The name Sherpa has become synonymous all over the world with mountaineering guides, but here in the villages below Mt Everest Pasang Lama Sherpa is better known as someone who has dedicated his life not for fixing ropes on Mt Everest, but for maintaining the walking trails.
The 78-year-old Khumjung native is no engineer, but his lifelong work has made the Everest trail safer for thousands of trekkers and villagers below the world’s highest mountain.
Pasang Lama is a familiar face as he sits by the trail every day with a blue box for donations from trekkers, and a register to note down names and amounts. It is like a voluntary toll booth, and the money goes to the trail’s upkeep.
People here affectionately call him Lama Seru, and the man with the wizened face and glasses, began his career in the trekking industry at age 18. He was appalled by the dismal condition of the trails, and was determined to make them less dangerous for porters like himself.
He quit portering and in the 1960s started maintaining trails with his wife Lakpa Yangji around Dingboche village which is situated at an altitude of 4,410m. Eventually, he rallied a team to widen other paths along the steep slopes to connect villages in Upper Khumbu for the benefit of locals.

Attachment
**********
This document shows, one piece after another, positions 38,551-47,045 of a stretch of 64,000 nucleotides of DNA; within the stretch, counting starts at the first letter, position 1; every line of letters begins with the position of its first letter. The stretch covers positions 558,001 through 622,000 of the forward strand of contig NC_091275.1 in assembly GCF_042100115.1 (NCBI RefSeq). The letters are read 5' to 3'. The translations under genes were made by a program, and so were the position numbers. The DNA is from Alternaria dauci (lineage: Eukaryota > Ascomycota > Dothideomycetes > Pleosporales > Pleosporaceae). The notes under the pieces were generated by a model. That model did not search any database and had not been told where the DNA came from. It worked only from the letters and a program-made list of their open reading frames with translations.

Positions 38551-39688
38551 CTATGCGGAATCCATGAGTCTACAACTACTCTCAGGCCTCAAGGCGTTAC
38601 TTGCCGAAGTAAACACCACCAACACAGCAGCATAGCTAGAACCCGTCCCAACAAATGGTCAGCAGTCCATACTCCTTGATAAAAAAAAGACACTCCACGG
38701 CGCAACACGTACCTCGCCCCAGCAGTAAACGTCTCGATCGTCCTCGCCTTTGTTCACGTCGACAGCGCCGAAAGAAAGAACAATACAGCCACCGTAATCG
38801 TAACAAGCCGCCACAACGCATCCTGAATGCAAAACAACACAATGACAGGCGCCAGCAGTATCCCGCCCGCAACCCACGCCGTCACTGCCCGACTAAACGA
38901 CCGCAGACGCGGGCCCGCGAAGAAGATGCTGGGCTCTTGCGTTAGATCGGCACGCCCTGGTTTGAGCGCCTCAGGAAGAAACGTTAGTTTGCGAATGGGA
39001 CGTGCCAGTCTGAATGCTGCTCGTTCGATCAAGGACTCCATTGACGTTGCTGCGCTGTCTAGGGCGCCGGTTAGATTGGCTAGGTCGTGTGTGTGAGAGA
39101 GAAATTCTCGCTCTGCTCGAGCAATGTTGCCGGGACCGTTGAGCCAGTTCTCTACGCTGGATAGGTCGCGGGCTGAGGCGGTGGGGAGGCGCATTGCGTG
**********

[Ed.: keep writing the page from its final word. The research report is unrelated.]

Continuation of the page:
As trekking and mountaineering took off, footfalls on the trails grew, and with it the need to maintain the and repair the dangerous sections. For Pasang Lama and his wife, the only reward is a sense of personal fulfillment that comes from providing a public service.
“I have revived trails in two wards here,” says Pasang Lama with pride. “Everyone is happy to walk along these paths because we have cleared all the bushes and thorns.”
After the Sagarmatha National Park was established in 1976, Pasang Lama worked with it to streamline the paths. Finally in 2012, the Himalayan Trust set up by Edmund Hillary, recognised the couple for their years of service to the community.
The trail from Namche to Tengboche is now a wide two-way path easily navigable for trekkers and yak trains, despite dangerous cliff drops. During the pandemic lockdown, locals also laid down steps and railings along the steeper sections.